For the Travelling Salesman Problem the Bellman-Held-Karp algorithm has complexity of the order O(2^n \cdot n^2) (think of the O as “roughly”). This means that for a graph consisting of n nodes, a computer has to perform roughly 2^n \cdot n^2 steps to come to an answer. How large do you think n gets in everyday-life navigation problems? For example delivering the mail or delivering packages to customers. I would say that 100 cities is easily reached. Well, for a graph consisting of 100 cities, with all the travel times and costs from travelling from one city to the next one as weights of the graph, it takes for the computer roughly 2^{100} \cdot 10000 = 2\cdot 10^{33} (a number with 33 digits) steps to give an answer using this algorithm. Consider you have a 2GHz processor, then this performs 2\cdot 10^9 operations per second. This means that such a processor needs 10^{24} seconds to give an answer to this problem, which is an astronomical amount of time if you realize that a century has 3\cdot 10^9 seconds.

Of course technology companies use algorithms that can solve specific instances of TSP very fast, but what they do is similar to what the three researchers did in the 50’s with the road network of the US. They don’t solve the general problem but they use the structure of a specific case to solve it fast. In practice these algorithms give solutions that are optimal or almost optimal, but that is not guaranteed to be the case. It remains very challenging to solve TSP instances on road networks with guaranteed optimality. As far as the general problem is concerned, there exists no algorithm that can solve TSP faster than the Bellman-Held-Karp algorithm.

Geometry comes into play

To go back to Sándor’s work, in his research Sándor worked on a variant of the Travelling Salesman Problem, the Euclidean Travelling Salesman Problem, ETSP for short. In this variant more structure is imposed on the weights you are allowed to assign to the edges in the graph. In the general case these could be arbitrary positive numbers representing anything, from travel-time to distances or costs.

In the ETSP nodes are points in the Euclidean space, think just of the three-dimensional space we live in if you are not familiar with this term. This means that the weights represent distances, Euclidean distances to be mathematically precise, between the corresponding nodes. Euclidean distances are measured in a straight line, i.e., they are the distances for a helicopter pilot. Hence additional restrictions are imposed on the weights, for example they have to satisfy the triangle inequality. If from point A to point B the distance is x, from point B to point C it is y, and the distance from point A to C is z, then it has to hold that z<x+y. Considering the problem in this geometric setting means that in a given tour a direct line between two nodes, say A-B, cannot be replaced by a circuit A - C_1 - C_2 - ... - C_n - B and yielding a tour of a shorter total distance. Such a restriction does not necessarily hold for travel times for example.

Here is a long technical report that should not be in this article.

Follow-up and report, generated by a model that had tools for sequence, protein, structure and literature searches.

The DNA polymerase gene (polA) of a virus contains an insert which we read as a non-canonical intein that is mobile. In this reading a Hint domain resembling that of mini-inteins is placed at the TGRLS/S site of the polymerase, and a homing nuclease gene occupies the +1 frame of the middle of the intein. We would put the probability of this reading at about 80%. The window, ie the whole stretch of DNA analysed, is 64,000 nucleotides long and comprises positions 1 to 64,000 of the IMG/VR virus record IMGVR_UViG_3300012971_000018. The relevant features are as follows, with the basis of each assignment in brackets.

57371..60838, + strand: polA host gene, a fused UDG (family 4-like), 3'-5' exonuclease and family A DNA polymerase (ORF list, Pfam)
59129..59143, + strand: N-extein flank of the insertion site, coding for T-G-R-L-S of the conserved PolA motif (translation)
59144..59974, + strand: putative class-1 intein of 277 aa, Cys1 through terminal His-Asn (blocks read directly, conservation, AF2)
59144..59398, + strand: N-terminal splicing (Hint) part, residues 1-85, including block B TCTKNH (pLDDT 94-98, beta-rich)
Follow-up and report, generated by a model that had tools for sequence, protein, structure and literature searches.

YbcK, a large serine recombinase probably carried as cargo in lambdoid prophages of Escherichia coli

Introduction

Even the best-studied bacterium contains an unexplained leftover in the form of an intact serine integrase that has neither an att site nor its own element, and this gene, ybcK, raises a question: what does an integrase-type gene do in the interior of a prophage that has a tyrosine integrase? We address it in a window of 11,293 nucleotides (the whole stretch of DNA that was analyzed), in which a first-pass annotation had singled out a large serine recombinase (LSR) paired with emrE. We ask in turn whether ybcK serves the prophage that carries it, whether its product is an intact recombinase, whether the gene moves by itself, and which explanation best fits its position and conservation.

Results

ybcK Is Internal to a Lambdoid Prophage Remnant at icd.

ETSP is still NP-hard, which was already shown in the 1970s, so it cannot be solved in polynomial time. Nevertheless, it can be solved much faster than the general TSP.  While the complexity of the general TSP reaches the inaccessible number of 2^n, it was shown in the 1990s that ETSP can be solved in 2^{O(\sqrt{n}\log n)}, which is significantly faster. This is where things stood for over 20 years, until Sándor and his colleagues showed that it can be solved even faster. Their algorithm runs in 2^{O(\sqrt{n})} steps. For n=100, 2^{\sqrt{n}} is equal to 2^{10} which is just 1024. This is a number of steps a computer can perform in less than a second. Moreover they also showed that a significantly better algorithm is highly unlikely to exist!

Separating and conquering